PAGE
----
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Feb. 27 Fixed For Ruling On Odili's Defamation Suit

A Port-Harcourt High Court  has adjourned sitting to 27th February, 2019, to rule on an application for interlocutory injunction brought before it by Ayodeji Adedipe, counsel to former Rivers State governor, Dr. Peter Odili, in the case instituted against the authors of a book on Olusegun Obasanjo's failed third term bid.

Dr. Odili had filed a defamation suit in 2018 against Prof. Chidi Odinkalu and Ms. Ayisha Osori, co-authors of the book “Too Good To Die: Third Term And The Myth of The Indispensable Man In Africa”, for the way they portrayed him in the book.

The former Rivers State governor is demanding N1billion as damages and a public apology from the co-authors of the book.

Odili through his counsel had alleged that the contents of the book co-authored by Odinkalu and Osori ridiculed his person and put him in bad light across the world.

At the sitting on Monday presided by Justice Augusta Chukwu, counsel to Dr. Odili made an application for an interlocutory injunction to restrain  the co-authors of the book from further sale of copies of  the book.

Similarly, counsel to Odinkalu and Osori, Barr. Idaye Opi, also made an application for an extension of time  to file his statement of defense.

The court will rule on the two applications brought before it by the two counsels at the next sitting.

The book, “Too Good To Die: Third Term And The Myth Of The Indispensable Man In Africa” gives an insight into how money was allegedly raised for a campaign to keep former President Olusegun Obasanjo in office beyond his constitutionally approved two tenures and further reveals how the campaign began and those who led the campaign.

It gave details of how the former Rivers State governor (Odili) and his Bauchi State counterpart, Adamu Muazu, allegedly helped to fund the campaign for the alleged tenure elongation plot by former President Obasanjo, who, according to the authors, wanted to stay in office beyond 2007.

Obasanjo who left office on May 29, 2007 had however said after his exit from office that he never made any plans to amend the Constitution to stay in office beyond his second term.

Odinkalu and Osori alleged in their book that huge sums of money were spent in an attempt to actualize the third term ambition of former President Obasanjo.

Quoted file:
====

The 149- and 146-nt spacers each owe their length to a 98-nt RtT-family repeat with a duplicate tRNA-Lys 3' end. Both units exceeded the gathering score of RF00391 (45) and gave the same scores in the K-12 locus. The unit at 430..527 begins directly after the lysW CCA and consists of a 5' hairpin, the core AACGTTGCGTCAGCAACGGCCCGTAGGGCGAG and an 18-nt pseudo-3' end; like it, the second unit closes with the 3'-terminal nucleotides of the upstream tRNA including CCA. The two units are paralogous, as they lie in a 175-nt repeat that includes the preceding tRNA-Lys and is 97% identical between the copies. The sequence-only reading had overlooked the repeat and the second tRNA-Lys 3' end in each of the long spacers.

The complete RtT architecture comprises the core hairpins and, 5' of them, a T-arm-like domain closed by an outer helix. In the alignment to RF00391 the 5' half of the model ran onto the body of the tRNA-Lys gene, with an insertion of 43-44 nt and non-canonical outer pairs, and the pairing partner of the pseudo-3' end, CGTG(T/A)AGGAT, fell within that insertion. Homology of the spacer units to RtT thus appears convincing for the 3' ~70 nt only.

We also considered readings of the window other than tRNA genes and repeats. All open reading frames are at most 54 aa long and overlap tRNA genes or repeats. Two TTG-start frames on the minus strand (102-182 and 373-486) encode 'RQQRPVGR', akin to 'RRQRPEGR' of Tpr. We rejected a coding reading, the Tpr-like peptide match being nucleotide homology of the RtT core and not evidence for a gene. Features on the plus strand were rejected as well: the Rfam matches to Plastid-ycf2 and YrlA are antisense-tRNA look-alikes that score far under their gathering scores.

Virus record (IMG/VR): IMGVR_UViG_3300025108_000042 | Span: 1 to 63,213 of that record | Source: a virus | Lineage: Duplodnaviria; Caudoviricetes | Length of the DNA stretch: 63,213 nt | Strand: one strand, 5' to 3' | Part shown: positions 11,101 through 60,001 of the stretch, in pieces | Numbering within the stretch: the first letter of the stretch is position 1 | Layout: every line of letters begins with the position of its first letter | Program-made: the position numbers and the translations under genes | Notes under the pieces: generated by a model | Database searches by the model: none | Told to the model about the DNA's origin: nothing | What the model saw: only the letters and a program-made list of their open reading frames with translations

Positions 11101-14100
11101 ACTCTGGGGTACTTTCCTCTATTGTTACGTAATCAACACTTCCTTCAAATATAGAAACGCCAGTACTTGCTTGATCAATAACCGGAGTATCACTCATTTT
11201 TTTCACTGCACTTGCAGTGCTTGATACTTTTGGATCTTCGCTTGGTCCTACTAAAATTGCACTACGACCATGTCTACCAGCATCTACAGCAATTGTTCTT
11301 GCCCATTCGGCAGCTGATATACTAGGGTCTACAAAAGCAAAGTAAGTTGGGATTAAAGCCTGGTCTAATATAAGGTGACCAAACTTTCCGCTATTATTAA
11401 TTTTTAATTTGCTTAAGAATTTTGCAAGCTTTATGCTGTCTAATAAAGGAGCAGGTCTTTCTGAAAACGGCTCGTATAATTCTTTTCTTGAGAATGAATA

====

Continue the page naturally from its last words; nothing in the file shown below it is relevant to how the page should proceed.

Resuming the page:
In  parts of the book online, Odinkalu and Osori said: “When all the cost elements, including the public relations campaigns, additional incentives, the work of the JCCR (Joint Committee on Constitutional Review of the National Assembly) and constitutional conference as well as inevitable incentives to the security services, are added to the inducements proposed for legislators, it seems almost certain that the budget for the third term (agenda) was in excess of $500million or half a billion dollars.

“None of this money was lawfully appropriated. They could only have been generated by theft, diversion or misappropriation of public resources.

“The corporate trail however disclosed a deep financial bond between the President, Senator Ararume and the governments of Bauchi and Rivers States, then ruled respectively, by two of President Obasanjo's closest acolytes, Adamu Muazu and Peter Odili, who were at the centre of shadowy, complex, unlawful and almost certainly, criminal financial operations behind third term”.

In the lawsuit, Odili claimed that the book had put him in bad light before reasonable people across the world, saying that there was no way he could have been involved in the criminal exploits the co-authors of the book had linked him to.

At the sitting on Monday, counsel to Odili, Adedipe, said that the defendants (co-authors of the book) disobeyed an “interim order” by the court not to further sell copies of the book.

However, counsel to the defendants, Barr. Opi said it was not true that his clients disobeyed a court order not to have further sales of the book. 

Meanwhile, the presiding judge, Justice Chukwu, earlier ruled that her court had jurisdiction to try the case.

The defendant's counsel, had contended that the court had no jurisdiction over the case, adding that his clients would appeal against the ruling by the State High Court.